Here are some good macro thoughts that put the oil threat into perspective (via Credit Suisse):
“The impact on GDP: each 10% rise in the oil price takes 0.2% off US GDP growth and 0.1% off global growth. This time the negative impact of a high oil price on growth is limited as: oil is only 10% above its 6-month MA (changes matter more than levels for growth); other energy prices are muted (coal prices are at 12-month lows, US gas prices down 40% yoy) and CPI food price inflation should fall by 5pp from here (adding 0.7% to disposable income); critically, unlike 2008 and 2011, neither the ECB nor GEM central banks are likely to raise rates in response to higher energy costs; and US macro momentum is currently consistent with GDP 0.8% above 2012 consensus, suggesting some buffer before consensus estimates get downgraded.
Impact on equities: since 2007, equities have tended to fall when oil prices rise by 40% yoy (i.e. an oil price of c$150/bbl). From a macro perspective, we would start worrying if the rise in the oil price pushed up US CPI above 4% (that is when equities de-rate, c$160/bbl), US GDP started being revised down (c$150/bbl) or European inflation rose above 2% year-end (c$140/bbl). Another warning signal is when inflation expectations decouple and start falling as oil continues to rise (as has happened in the past week). Each 10% rise in the oil price takes 2% off European EPS and c1% in the US, on our estimates (yet current valuations can accommodate a c10% fall in earnings).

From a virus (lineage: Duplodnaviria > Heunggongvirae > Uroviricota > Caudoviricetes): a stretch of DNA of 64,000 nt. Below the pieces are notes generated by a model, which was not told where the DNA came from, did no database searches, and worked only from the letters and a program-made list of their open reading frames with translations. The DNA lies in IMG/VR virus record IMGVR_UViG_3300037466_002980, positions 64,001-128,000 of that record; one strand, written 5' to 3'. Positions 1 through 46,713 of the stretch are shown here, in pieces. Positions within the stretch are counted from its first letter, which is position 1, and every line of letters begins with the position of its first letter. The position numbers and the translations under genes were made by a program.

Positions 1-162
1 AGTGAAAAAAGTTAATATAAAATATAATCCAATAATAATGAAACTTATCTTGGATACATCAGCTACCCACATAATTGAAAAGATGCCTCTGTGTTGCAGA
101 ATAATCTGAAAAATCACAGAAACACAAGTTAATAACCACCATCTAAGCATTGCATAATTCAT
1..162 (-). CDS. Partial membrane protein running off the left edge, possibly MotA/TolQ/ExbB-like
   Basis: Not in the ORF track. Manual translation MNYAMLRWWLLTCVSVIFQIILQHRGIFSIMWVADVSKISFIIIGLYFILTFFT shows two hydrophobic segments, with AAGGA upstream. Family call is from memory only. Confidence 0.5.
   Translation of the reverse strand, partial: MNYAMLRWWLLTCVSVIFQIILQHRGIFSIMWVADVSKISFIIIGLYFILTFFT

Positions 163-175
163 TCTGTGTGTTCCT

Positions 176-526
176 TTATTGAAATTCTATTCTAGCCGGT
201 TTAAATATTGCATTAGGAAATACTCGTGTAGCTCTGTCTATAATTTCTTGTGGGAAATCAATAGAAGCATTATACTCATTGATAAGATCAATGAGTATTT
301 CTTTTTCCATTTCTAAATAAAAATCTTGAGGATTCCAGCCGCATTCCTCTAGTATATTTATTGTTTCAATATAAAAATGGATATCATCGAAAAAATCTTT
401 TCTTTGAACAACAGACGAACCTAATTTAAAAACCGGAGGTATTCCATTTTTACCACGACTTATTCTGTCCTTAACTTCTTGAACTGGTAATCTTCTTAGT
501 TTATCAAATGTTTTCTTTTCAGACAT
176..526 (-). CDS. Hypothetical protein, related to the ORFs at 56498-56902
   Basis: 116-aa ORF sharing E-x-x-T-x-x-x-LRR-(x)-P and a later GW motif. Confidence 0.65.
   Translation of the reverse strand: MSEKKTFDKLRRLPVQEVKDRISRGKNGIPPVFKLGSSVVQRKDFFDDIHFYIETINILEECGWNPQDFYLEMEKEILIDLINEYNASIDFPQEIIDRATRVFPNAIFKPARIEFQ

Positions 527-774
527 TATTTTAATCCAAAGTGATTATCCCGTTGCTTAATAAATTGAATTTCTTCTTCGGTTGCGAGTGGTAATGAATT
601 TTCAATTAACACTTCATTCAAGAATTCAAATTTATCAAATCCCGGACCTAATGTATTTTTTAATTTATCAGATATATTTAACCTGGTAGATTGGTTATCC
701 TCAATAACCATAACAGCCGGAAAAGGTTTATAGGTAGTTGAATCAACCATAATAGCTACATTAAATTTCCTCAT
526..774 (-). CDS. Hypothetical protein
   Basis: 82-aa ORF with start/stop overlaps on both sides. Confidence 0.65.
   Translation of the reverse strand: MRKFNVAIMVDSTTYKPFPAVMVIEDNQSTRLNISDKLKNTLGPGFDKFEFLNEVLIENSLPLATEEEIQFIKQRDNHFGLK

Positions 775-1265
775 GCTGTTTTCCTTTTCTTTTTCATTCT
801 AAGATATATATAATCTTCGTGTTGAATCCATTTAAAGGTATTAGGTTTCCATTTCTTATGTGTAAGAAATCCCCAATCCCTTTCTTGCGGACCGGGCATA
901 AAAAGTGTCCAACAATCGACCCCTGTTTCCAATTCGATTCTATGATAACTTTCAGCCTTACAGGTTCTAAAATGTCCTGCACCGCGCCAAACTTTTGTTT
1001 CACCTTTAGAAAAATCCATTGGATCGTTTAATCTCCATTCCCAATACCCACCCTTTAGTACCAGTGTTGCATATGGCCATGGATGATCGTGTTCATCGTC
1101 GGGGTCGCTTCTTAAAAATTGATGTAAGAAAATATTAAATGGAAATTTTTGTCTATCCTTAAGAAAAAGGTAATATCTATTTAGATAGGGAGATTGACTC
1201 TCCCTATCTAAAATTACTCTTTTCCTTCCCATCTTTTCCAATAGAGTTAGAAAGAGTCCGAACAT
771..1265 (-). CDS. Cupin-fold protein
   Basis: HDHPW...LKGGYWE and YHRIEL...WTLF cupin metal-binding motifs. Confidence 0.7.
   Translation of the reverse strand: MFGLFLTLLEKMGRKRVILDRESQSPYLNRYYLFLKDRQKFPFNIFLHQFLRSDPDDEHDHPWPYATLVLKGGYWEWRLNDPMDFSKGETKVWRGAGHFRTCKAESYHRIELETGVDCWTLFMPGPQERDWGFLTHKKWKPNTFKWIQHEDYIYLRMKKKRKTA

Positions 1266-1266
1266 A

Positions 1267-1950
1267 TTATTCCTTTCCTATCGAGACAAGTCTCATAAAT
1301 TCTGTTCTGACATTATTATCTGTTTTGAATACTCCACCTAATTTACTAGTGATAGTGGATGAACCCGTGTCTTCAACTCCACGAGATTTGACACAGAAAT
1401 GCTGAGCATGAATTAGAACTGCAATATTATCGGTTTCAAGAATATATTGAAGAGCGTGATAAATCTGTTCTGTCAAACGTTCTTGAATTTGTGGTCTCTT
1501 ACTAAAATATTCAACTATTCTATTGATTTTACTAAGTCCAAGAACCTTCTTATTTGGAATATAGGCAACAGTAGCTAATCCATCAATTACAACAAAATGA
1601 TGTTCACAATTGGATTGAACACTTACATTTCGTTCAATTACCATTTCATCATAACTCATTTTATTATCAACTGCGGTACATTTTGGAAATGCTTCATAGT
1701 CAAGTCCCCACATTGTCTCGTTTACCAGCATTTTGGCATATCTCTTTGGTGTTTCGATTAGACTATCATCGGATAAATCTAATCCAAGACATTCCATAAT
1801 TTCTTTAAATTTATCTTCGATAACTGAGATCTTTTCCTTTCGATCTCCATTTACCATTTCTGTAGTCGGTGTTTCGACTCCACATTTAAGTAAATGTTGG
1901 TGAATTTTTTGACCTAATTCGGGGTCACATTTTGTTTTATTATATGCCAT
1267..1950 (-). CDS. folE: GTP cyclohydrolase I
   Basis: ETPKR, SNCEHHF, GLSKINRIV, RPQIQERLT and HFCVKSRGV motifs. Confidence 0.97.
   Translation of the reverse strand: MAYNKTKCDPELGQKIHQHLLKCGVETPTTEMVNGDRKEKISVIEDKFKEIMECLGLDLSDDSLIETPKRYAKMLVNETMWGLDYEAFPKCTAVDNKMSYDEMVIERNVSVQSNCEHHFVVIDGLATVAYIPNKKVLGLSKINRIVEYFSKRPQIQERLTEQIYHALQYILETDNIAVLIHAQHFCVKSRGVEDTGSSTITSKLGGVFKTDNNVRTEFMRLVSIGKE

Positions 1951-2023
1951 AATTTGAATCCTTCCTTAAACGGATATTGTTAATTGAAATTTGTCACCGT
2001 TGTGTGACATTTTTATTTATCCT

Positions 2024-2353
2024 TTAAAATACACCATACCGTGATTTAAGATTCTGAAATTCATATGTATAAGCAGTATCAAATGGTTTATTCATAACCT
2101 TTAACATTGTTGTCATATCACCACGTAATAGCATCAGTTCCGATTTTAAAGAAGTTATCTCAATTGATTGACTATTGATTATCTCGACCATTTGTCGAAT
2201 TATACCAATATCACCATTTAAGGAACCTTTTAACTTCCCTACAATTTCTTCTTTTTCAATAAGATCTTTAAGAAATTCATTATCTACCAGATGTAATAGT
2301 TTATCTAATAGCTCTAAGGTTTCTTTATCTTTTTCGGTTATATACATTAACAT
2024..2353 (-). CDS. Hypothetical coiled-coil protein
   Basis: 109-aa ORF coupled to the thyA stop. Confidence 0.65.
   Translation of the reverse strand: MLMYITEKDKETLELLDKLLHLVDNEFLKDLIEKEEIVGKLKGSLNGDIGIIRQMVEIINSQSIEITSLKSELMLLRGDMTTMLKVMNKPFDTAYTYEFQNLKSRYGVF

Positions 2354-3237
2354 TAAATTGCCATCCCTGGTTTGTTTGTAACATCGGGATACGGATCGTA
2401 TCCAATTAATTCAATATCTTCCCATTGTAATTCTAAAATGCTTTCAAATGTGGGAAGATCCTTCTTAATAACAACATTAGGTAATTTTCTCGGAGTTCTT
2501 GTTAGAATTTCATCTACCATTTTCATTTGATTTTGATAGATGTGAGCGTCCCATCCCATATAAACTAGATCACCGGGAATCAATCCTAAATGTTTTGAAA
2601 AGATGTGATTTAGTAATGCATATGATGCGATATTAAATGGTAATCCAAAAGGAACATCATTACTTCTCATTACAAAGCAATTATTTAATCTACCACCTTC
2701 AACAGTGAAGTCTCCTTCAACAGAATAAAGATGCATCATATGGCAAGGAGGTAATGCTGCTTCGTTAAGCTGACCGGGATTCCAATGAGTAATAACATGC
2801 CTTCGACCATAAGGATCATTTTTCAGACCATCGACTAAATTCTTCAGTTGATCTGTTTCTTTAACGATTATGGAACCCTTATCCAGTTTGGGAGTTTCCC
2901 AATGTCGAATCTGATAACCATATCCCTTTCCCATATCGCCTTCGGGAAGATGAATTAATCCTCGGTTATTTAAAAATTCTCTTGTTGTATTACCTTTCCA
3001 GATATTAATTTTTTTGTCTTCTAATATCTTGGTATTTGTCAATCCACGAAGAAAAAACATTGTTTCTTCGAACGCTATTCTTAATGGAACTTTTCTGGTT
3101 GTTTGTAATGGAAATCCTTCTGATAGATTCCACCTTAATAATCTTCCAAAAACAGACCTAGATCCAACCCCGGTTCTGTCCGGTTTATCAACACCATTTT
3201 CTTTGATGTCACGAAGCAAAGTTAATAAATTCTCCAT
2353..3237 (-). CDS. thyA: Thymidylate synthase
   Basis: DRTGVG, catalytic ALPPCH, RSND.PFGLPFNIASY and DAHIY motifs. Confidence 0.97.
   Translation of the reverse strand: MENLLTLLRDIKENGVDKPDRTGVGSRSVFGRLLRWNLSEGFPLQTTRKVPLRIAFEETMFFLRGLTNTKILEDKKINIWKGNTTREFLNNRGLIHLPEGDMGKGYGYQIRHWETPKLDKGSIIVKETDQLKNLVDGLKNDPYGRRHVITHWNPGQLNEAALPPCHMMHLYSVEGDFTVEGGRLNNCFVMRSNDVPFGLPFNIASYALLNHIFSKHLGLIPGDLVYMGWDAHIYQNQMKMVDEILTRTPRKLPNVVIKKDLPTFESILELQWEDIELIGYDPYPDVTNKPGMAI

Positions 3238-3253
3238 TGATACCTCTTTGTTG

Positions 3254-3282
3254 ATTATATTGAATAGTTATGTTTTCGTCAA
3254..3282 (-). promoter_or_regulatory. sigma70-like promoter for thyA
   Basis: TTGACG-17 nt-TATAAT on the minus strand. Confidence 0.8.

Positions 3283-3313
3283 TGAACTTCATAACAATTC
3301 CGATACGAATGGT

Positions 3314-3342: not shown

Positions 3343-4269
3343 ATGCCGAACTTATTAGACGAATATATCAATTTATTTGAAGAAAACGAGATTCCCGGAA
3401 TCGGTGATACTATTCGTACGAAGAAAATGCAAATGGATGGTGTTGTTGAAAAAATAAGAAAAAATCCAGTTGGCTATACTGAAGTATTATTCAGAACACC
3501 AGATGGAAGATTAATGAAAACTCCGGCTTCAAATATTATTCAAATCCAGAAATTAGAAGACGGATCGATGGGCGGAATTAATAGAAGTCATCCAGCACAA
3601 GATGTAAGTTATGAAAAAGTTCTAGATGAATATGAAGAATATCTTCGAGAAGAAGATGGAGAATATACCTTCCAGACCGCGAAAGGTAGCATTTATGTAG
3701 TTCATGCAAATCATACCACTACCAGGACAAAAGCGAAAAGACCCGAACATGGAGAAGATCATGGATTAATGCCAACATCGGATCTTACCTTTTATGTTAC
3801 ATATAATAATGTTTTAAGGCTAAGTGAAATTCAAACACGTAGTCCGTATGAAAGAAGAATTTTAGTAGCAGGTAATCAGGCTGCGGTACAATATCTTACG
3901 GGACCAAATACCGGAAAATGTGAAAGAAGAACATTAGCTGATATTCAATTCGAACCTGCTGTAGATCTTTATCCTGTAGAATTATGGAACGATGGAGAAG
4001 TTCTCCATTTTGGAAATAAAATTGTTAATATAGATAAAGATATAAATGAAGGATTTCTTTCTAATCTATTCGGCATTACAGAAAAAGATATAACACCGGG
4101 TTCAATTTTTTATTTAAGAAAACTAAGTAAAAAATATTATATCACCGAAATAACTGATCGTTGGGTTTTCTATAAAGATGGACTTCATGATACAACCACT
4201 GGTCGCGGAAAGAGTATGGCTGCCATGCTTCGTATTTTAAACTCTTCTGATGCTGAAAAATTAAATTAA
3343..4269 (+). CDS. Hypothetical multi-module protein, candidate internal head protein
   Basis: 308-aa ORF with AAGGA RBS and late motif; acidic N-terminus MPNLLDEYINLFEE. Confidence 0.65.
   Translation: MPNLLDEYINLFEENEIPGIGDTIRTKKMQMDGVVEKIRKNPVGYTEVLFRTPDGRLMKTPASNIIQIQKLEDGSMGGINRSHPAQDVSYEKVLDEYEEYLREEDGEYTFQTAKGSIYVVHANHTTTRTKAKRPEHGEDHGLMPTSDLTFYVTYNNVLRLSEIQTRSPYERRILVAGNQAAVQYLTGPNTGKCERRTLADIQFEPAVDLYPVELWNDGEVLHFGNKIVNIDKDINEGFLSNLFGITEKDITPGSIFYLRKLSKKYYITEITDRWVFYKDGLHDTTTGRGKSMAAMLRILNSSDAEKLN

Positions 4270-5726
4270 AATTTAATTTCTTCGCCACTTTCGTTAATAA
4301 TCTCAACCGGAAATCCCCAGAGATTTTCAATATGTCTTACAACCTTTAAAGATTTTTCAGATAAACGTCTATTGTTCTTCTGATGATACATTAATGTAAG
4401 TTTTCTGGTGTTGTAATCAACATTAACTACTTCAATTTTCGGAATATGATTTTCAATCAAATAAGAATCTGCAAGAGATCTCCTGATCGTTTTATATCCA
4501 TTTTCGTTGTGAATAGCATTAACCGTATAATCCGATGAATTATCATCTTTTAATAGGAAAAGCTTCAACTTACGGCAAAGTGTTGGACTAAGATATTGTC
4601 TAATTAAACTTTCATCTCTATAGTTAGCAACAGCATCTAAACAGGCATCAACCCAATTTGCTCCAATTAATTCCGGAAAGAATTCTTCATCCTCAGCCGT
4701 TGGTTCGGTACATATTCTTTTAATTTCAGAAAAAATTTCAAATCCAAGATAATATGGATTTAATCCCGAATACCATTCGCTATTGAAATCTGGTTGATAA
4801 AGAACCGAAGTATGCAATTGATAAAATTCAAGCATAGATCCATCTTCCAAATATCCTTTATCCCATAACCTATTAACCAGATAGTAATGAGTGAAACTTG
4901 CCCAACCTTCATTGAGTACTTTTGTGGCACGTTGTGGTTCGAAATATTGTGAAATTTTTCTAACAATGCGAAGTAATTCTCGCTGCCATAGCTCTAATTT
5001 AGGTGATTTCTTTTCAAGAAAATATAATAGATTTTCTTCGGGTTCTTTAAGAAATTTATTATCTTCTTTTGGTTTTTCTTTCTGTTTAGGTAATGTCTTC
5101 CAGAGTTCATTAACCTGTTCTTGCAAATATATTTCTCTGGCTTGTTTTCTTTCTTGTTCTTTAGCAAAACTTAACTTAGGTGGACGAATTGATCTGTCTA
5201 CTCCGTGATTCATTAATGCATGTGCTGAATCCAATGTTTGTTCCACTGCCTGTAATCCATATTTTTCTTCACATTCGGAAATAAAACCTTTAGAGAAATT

From a regional perspective, we rank countries’ sensitivity to oil by looking at: net oil imports, energy’s weight in the CPI, output gap and the correlation with oil prices. The winners from a higher oil price are Norway, Russia and Canada, while Thailand, Turkey and Korea are negatively affected. We show cheap domestic plays in the ‘winners’ and expensive domestic plays in ‘loser’ countries.”
Source: Credit Suisse
NOW WATCH: Money & Markets videos
Business Insider Emails & Alerts
Site highlights each day to your inbox.